What a difference a year makes!!
Last year at this time the Tennessee Titans had run rough shod over four opponents and were leading the AFC South on their way to 10 straight wins and a 13-3 regular season record.
This year the Detroit Lions have won more games than the Titans, who have now lost six straight dating back to last year, prompting the naysayers and fair weather armchair fans to call for firing Jeff Fisher, the longest tenured coach in the NFL, or perhaps, at least in my mind, the more drastic maneuver of yanking Kerry Collins for Vince Young.
The Titans have a lot of problems right now but Kerry Collins' play is not one of them.
The facts are that they sorely miss their former defensive coordinator Jim Schwartz, now the head coach in Detroit; they are near the bottom of the league in passing yards allowed despite returning three Pro Bowlers from last season.
Schwartz's defenses seemed to be always ranked in the top five, but then again he had Albert Haynesworth as his anchor.
The Titans obviously miss the former University of Tennessee star more than they thought they would. It didn't help that they conveniently ignored the fact that they lost a vast majority of their games the past two seasons without the big guy in there collapsing the pocket and stuffing the run. His presence required double and occasional triple teaming which allowed Kyle Vanden Bosch and the other defensive ends the opportunity to play one-on-one with their man which in turn allowed them to apply heavy pressure on the opposing quarterback on just about every play.
Not convinced? Just check with the secondary. The same bunch that loaded down the plane to Hawaii a year ago is now being shredded on a regular basis by guys like David Garrard.
The defensive backs will tell you to a man how much harder it is to cover for the extra two to four seconds this year. The proof is readily evident that Haynesworth's departure has had a ripple effect on the entire defense.
It may have been the fatal mistake that will ultimately end the 2009 season prematurely for the Titans' decision makers to think that they could afford to let him go and replace him with younger players.
One thing that we have discovered so far this season is that Jason Jones is no Haynesworth, though he has good potential at this level.
Another factor is the atrocious play of their special teams so far.
The loss of return man Chris Carr appears to also be a colossal misread on management's part.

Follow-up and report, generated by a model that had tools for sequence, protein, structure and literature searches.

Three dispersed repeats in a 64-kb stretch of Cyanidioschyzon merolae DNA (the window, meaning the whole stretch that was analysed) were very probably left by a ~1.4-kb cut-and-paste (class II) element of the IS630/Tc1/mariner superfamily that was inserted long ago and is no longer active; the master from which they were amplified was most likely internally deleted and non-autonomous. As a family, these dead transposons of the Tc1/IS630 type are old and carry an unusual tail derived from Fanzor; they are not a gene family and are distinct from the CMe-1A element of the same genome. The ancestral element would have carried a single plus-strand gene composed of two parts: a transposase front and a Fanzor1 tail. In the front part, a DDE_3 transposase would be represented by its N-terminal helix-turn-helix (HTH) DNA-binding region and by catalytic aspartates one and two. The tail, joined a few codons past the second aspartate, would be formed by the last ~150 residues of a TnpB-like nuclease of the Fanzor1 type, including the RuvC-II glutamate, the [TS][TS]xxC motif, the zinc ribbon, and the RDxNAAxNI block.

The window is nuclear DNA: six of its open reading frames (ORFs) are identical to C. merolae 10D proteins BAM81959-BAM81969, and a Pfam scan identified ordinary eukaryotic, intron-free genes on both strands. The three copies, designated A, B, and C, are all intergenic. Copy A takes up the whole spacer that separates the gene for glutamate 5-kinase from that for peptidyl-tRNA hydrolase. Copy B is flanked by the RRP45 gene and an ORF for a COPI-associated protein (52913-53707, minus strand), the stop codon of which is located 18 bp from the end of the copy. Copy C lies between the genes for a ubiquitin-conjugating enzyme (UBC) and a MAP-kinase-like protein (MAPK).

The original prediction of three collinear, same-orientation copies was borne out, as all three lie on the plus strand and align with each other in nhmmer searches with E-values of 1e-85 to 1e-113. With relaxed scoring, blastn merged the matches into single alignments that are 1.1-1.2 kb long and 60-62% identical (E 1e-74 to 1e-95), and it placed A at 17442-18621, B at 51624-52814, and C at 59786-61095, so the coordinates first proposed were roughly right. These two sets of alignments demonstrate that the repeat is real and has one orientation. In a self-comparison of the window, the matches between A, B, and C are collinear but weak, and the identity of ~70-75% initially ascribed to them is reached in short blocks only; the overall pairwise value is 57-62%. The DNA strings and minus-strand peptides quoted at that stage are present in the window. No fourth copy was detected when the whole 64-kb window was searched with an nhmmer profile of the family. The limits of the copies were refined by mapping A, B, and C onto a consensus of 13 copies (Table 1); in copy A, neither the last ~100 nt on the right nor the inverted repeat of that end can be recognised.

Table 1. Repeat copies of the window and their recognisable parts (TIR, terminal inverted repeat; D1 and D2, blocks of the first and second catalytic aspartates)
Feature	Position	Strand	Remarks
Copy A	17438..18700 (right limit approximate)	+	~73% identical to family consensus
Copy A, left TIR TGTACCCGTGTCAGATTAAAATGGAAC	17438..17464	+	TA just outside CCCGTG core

The Titans special teams have cost them games at Pittsburgh (with 2 missed FG's) and in New York when rookie Ryan Mouton fumbled a kickoff and muffed a punt, turnovers that led to 14 points for the Jets in their 24-17 victory.
How will starting Vince Young at QB fix any of that?
One of the big arguments against Collins is that after a successful season, he'll struggle the next. I think Panthers, Giants and Raiders fans would attest to that pattern.
The argument does not appear to hold validity in this instance despite the six interceptions he has thrown this season.
Well informed fans, and certainly NFL talent evaluators would tell you that Collins' play is pretty close to the same level as it was last season.
Think back to a year ago. Do you think folks were hailing him as a savior? Of course not; he was merely the lesser of two evils, he was an effective game manager that let the running game do its thing and allow his defense to be well rested when they took the field.
He has had his share of misfires this season like any other quarterback but for the most part he has put the ball right where it needs to be.
The difference is the ball is not being caught as consistently as it was at this point last season. Not hard to figure that it is extremely difficult to be a great passer when everyone in the park knows you have to throw because you are playing from behind so often.
The addition of former Steeler Nate Washington, Kenny Britt, their first round draft choice, and tight end Jared Cook, who I feel will be a star in the league, was a great start at fixing the passing attack in the future but it takes time for young receivers to adjust to the NFL game and four games is simply not enough.
Add one of the toughest opening schedules of any team and it is not that hard to go 0-4.
By the way, it doesn't get any easier for Tennessee the next two weeks with Indianapolis and the Patriots looming on the schedule making 0-6 a real possibility.
Young may or may not be a legitimate NFL quarterback for some team in the future but he lost his teammates in Nashville when he refused to go back into the game after being booed by the hometown fans in 2007.
It was an egregious and selfish act not conducive to team play that most of his teammates or coaches will not ever forget.
There is no repairing that rift.
All indications are that Young's salary cap hit next year will be his ultimate undoing but players often refer to their games as battles or wars. Very few soldiers would want to go to war with a guy that they can't trust to stay in there and fight with them to the end regardless of the circumstances.
There is little doubt that the Titans are a team that is desperately searching for a team leader and catalyst to put some heart back into their team before it is too late.
It is a noble endeavor but putting a guy more suited for the role of the Tin Man back in charge of the team is simply not the answer.
Jimmy Jones is a Times-Gazette sports writer. He can be reached at firstname.lastname@example.org.